I don't know about you, but I was ready for a breather from the presidential race after the lengthy and grueling primary season. The conventions were foregone conclusions, not to mention extreme hucksterism, and what has gone on since hasn't been much more edifying. But there are now fewer than six weeks left until Election Day. Time to re-engage.
The agents of our re-engagement, the co-authors of our presidential primer, Taking Sides, are two politically involved commentators who do not hide their own predilections. Rick Berg, former Madison school board member and mayoral candidate, not to mention a significant participant in the Republican Party, delivers a view from what we'll call the right, just because we need a dichotomy for this exercise. And then we'll say, in our arbitrary labeling scheme, that Ruth Conniff, political editor of The Progressive magazine, represents a view from the left.
These labels come in handy, because if you've been listening to the campaign pronouncements and watching the ads, it can be hard to tell just where the candidates disagree. I've been hearing a lot of talk from the Republican side about "choice." I thought "choice" was a bad word to Republicans, at least those with anti-abortion convictions. As for Obama, what's with the support of the latest wiretapping bill? And will either candidate approach the Bush administration's Wall Street bailout plan with anything shorter than a 10-foot pole?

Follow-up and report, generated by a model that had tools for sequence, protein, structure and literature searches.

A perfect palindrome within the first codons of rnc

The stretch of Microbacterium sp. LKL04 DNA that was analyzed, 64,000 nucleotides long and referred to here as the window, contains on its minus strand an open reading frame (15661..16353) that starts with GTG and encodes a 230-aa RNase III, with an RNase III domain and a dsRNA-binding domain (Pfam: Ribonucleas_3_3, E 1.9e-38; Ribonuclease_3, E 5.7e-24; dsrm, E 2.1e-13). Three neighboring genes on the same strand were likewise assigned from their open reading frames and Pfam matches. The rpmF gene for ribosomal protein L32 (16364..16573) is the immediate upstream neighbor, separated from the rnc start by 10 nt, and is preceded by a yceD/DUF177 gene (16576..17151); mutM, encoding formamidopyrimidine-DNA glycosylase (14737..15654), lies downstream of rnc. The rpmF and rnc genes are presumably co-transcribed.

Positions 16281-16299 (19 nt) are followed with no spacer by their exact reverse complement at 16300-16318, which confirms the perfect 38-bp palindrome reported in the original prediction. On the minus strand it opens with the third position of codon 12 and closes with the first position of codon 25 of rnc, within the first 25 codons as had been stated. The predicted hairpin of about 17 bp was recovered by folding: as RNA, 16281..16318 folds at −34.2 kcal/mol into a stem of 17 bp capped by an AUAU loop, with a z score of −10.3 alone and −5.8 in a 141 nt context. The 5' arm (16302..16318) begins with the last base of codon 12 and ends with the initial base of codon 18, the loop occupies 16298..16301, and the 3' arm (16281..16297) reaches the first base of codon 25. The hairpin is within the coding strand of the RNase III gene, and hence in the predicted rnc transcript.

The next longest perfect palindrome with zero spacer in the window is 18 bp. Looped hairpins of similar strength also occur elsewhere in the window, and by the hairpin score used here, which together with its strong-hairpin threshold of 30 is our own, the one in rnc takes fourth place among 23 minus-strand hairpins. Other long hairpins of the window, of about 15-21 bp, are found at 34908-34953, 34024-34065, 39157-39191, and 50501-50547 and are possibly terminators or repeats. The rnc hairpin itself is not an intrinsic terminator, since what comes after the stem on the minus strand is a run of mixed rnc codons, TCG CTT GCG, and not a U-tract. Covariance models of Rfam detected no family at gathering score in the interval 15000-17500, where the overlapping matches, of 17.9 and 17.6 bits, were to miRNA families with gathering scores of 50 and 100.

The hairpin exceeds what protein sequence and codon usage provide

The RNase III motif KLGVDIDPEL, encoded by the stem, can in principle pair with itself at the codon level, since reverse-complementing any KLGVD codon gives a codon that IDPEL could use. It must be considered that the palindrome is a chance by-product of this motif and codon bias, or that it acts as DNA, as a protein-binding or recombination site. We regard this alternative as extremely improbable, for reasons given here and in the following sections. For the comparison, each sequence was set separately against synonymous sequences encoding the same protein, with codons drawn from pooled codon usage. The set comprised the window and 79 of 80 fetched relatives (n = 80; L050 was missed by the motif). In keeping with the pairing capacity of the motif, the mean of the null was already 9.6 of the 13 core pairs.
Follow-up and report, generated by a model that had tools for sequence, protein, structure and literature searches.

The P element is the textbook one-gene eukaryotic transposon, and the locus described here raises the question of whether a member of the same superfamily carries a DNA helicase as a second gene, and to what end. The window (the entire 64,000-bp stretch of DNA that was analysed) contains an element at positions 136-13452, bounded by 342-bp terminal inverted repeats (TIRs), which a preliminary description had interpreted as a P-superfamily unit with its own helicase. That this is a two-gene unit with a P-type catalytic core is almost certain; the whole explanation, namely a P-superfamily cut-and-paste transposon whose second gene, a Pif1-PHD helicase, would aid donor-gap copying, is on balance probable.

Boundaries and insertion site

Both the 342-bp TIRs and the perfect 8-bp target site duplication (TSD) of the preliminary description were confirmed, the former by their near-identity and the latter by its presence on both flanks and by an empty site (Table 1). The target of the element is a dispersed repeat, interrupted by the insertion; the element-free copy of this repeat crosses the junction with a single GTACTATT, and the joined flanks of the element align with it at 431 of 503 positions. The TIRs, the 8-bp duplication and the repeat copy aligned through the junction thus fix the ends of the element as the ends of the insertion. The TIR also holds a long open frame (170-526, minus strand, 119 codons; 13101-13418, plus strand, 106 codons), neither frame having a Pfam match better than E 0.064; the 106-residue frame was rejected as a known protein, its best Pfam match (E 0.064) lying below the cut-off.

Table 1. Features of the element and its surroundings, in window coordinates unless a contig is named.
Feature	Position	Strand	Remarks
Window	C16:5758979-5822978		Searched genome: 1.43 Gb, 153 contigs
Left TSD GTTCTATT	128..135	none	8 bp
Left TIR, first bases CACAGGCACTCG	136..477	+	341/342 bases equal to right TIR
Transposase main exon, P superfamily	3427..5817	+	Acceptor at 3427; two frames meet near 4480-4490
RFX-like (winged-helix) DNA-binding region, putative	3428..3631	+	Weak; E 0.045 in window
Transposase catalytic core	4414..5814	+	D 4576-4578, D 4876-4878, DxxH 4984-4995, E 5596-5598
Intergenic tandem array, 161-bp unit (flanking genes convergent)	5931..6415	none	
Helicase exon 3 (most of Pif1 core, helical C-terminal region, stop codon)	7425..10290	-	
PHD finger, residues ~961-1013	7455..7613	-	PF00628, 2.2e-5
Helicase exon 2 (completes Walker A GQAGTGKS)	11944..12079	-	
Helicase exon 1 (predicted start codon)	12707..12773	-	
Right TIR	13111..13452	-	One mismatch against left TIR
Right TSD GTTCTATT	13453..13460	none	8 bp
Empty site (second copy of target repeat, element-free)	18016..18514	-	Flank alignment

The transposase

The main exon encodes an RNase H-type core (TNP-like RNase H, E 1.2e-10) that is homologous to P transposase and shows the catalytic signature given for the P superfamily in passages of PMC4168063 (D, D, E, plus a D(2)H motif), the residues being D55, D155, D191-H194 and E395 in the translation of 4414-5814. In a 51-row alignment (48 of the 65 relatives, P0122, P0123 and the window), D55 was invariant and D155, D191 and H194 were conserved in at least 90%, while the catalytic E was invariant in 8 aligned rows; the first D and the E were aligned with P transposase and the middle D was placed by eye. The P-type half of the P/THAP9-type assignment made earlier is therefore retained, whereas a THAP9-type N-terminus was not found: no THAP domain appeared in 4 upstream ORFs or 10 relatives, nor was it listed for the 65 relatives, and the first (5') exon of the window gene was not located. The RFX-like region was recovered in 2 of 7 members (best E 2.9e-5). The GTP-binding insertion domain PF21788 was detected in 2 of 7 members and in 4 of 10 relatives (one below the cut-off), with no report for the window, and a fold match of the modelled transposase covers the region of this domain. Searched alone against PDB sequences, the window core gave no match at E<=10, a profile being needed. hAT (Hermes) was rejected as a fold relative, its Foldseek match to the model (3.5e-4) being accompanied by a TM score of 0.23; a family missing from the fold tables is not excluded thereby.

We may begin to find out some of the answers in the coming series of presidential and vice presidential debates, for which Taking Sides sets the stage. The first takes place this Friday, Sept. 26, at 8 p.m. (assuming it's held) in Oxford, Miss., home to the University of Mississippi. This site was, not coincidentally, the focal point of the nation in 1962, when James Meredith became the first black student to attend the university, escorted by federal marshals. The historical irony of the first black presidential candidate of a major party engaging in debate there was not lost upon the Commission on Debates, the organizer.
A vice presidential tussle is scheduled next, on Oct. 2 in St. Louis. The Palin/Biden dust-up is sure to generate a lot of heat. Light? We'll see. The guys at the top of the tickets meet up again on Oct. 7 in Nashville. That one will be in McCain's preferred town hall format. The final debate, Oct. 15 in Hempstead, N.Y., will be in the head-to-head format again.
The race is currently deemed by the pollsters to be tight, but who can be sure that the polled are being candid about their racial calculations? And what about all those young cell-phone-only types, who confound the polls and who may or may not turn out on Nov. 4 to validate their version of "change"?